Seven kahikatea were planted to celebrate a multi-organisation partnership led by Project Tongariro receiving a grant for restoration and preservation work at Te Mātāpuna wetland.

Date:  29 August 2014

Seven kahikatea were planted on Tuesday (26 August) to celebrate a multi-organisation partnership receiving a grant for restoration and preservation work at Te Mātāpuna wetland, south of Motuoapa.

Project Tongariro is delighted to be a recipient of the Government’s Community Conservation Partnership Fund, which has allocated them $208,000 over the next three years. 

“New Zealand has lost over 90 per cent of its wetlands yet they are some of the most important ecosystems for the protection of plants and animals,” says Conservation Minister Dr Nick Smith, who joined the community to plant trees at the celebration. 

“The conservation of the Te Mātāpuna wetland is hugely important with it being the largest wetland in the Central North Island”. 

Project Tongariro leads the partnership project and is working closely with hapū of Ngāti Rongomai, Ngāti Hine and Ngāti Te Rangiita. 

One of the many challenges at this site is a major infestation of grey willow, which displaces native plants and species, blocks the wetland and forces permanent change. To mitigate this, willows are removed and replaced with riparian plantings including trees such as kahikatea and houhere (ribbon wood).

At the planting Project Tongariro President Paul Green acknowledged grant funding from the Waikato Catchment Ecological Enhancement Trust and Waikato Regional Council that have supported the project for several years and continue to do so.  

The Department of Corrections is also a partner in the project, and as part of the Government’s ‘working prisons programme’ inmates at Rangipo prison’s plant nursery raise seeds for the project and provide people to help plant trees as well as carrying out on-going weed control and other operational support.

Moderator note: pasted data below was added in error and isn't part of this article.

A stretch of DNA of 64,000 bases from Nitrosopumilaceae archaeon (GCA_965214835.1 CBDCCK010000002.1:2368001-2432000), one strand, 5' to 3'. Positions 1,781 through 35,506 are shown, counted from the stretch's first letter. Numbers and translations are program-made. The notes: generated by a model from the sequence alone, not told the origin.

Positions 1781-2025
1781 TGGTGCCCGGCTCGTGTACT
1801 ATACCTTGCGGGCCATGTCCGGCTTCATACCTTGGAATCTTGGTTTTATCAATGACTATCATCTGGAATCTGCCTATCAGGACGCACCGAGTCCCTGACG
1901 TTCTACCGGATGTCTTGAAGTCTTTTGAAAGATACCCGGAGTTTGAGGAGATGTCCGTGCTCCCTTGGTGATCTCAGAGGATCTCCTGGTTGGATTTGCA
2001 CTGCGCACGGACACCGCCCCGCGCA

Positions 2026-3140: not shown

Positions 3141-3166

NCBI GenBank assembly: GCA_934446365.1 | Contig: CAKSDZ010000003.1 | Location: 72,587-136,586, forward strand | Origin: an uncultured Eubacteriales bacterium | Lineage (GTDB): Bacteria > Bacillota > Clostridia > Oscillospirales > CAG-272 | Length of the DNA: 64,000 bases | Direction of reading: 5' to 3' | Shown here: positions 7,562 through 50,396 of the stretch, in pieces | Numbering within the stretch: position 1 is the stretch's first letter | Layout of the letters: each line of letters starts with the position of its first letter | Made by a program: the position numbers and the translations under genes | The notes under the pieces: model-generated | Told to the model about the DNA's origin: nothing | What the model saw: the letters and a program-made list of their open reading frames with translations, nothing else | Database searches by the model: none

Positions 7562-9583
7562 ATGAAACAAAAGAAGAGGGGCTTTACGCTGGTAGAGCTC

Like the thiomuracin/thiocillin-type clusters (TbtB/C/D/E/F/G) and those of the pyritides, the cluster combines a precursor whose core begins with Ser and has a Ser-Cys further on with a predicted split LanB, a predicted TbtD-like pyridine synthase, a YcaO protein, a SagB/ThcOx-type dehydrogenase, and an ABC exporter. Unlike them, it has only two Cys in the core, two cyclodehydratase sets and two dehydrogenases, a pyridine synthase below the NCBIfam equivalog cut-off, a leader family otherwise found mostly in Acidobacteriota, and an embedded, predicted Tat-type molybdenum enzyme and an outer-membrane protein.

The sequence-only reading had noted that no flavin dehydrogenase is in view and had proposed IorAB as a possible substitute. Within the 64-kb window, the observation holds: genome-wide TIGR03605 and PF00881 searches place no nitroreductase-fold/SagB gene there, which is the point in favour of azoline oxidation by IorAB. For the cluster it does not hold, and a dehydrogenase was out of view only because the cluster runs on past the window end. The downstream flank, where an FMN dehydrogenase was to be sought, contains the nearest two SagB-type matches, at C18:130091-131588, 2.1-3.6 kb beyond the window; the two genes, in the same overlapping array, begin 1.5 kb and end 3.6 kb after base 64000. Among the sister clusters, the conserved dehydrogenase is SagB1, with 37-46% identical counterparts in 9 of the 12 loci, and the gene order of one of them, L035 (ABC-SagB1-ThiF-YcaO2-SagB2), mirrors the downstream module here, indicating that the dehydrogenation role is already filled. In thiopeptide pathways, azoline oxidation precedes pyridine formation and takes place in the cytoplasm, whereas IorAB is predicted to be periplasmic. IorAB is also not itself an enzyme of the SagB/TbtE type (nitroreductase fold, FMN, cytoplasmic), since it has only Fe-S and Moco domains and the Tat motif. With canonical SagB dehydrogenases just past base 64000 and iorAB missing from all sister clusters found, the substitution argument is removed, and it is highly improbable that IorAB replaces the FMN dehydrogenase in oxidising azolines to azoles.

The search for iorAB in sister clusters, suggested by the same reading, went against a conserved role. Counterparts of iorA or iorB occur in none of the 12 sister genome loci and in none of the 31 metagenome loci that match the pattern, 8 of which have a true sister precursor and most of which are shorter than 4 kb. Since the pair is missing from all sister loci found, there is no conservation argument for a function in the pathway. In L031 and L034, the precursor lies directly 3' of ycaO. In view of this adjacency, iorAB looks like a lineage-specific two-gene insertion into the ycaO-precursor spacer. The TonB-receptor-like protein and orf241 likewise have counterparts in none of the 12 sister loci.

The Department of Conservation and Project Tongariro are in the 10th year of actively protecting biodiversity at the site.

Planting of kahikatea.
Celebrating funding for the Te Matapuna wetland with the planting of kahikatea are the Minister of Conservation Dr Nick Smith, Ngāti Tūwharetoa, Project Tongariro, and the Departments of Conservation and Corrections


About Project Tongariro

Established in 1984, Project Tongariro is a non-profit organisation that has been active in the region for 30 years. It’s a community group who works in partnership with the Department of Conservation on many projects and whose goal is to promote a wider knowledge and appreciation of the unique natural heritage, historic, educational and recreational values of Tongariro National Park and its environs.

About the Community Conservation Partnerships Fund

The Community Conservation Partnerships Fund - Pūtea Tautiaki Hapori (CCPF) provides funding to community-led conservation groups for natural heritage and recreation projects in New Zealand.

The fund, announced in March 2014, has approximately $26 million dollars to distribute to community groups for priority conservation work over four years. In the first year $8.5 million is being allocated across more than 100 community organisations.


Anna McKnight
Partnerships Ranger
Department of Conservation
Taupō Office
Phone: +64 7 376 2535
Mobile: +64 21 074 9984

Kim Manunui
Project Tongariro
Mobile: +64 21 545 693

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